This brings me to my next point.  Men, this is particularly for you.

Many of my clients (almost always male ones) wait a few days or even weeks to seek medical help after a collision if their injuries are “soft tissue”, i.e., a sore back, an annoying neck/shoulder twitch, etc.  If you’re not in pain at all, and you haven’t noticed any changes in your body within a week of the collision, then you’re probably not hurt.Back Pain

But if you notice soreness in your joints, or particularly in your back/neck/shoulder area, then you most likely have whiplash.  Sometimes this pain doesn't start up until a few days or a week after the collision.  Unless you've spoken with an orthopedic specialist or chiropractor, you wouldn't believe what whiplash can do to your spine.  It can cause soreness now and even more serious problems down the road if left untreated.

Worse, if you don’t treat quickly in your case (within a week), it makes my job trying to recover medical damages for you much, much harder.  Insurance companies are skeptical about people who don’t treat their injuries immediately after a collision, and they are less likely to work out a settlement arrangement prior to litigation.

I recommend that, if you’re in a collision – even a minor one – go get checked out by your family physician or a local ortho or chiropractic specialist within a day or two after the collision.  Let me know if you need a referral.   Of course, if the collision is serious, you need to go to the hospital immediately.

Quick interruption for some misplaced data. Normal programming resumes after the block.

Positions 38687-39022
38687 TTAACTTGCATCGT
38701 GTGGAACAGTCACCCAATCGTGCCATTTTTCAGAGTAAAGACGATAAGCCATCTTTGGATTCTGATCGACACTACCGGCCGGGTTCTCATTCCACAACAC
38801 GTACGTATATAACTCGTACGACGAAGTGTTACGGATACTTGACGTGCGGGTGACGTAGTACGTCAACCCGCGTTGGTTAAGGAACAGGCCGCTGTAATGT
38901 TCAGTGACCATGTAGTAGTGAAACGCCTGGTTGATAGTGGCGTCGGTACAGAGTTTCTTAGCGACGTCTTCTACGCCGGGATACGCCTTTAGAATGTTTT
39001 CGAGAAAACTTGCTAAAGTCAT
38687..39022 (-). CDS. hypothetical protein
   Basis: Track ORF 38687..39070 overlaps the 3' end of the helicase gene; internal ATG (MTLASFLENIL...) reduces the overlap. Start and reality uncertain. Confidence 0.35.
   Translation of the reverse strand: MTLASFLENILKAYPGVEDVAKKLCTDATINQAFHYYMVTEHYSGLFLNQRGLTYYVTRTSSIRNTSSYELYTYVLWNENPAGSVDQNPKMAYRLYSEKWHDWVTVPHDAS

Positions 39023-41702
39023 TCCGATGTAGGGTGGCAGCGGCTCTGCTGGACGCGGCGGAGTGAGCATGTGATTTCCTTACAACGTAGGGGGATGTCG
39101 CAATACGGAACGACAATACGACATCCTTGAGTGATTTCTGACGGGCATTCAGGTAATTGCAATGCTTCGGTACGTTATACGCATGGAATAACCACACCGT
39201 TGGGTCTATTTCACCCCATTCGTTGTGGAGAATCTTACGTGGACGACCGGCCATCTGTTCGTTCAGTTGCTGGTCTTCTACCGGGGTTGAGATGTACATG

Some attorneys will disagree with me on this, but I don’t think you need an attorney to assist you in every collision situation.  If, between your insurance company and the negligent driver’s insurance company, things are working out, then you may not need a lawyer to get involved.  But you should always at least speak with one to gauge how your negotiations are going.

As a general rule of thumb, if the collision is serious (i.e., $10,000 in medical damages or more), I recommend hiring an attorney to maximize your recovery.  Also, if the medical damages are lower, but there are issues with liability (disagreement on who caused the collision), you will definitely want to hire an attorney.

Regardless of the damages, if you’re a busy professional or just don’t want to have to deal with the insurance adjustor, hire a lawyer to take that stress off your plate.

Most importantly, if you've tried the negotiation process yourself, and the adjustor is dragging the process out, then hire a lawyer ASAP.  The statute of limitations in Texas for personal injury actions is 2 years, so you have to resolve your case or sue the negligent driver within two years of your collision, or you will be forever barred from recovering from them.  DON’T WAIT until a week before this period is up to look for a lawyer, as many of them will turn down your case.

I've turned down great cases that have come to me a day or two before the SOL runs because these cases create havoc with my firm and derail my practice until the petition is on file.  Many lawyers feel the same way.  I will take on any viable case – even the ones that come to me at the eleventh hour - if I can, but sometimes, my schedule, and the schedule of my legal team, won’t allow it.  Don’t put yourself or your lawyer in that ”last minute scramble” situation.

I’d be happy to answer any questions you may have – email me at

Drive safely out there!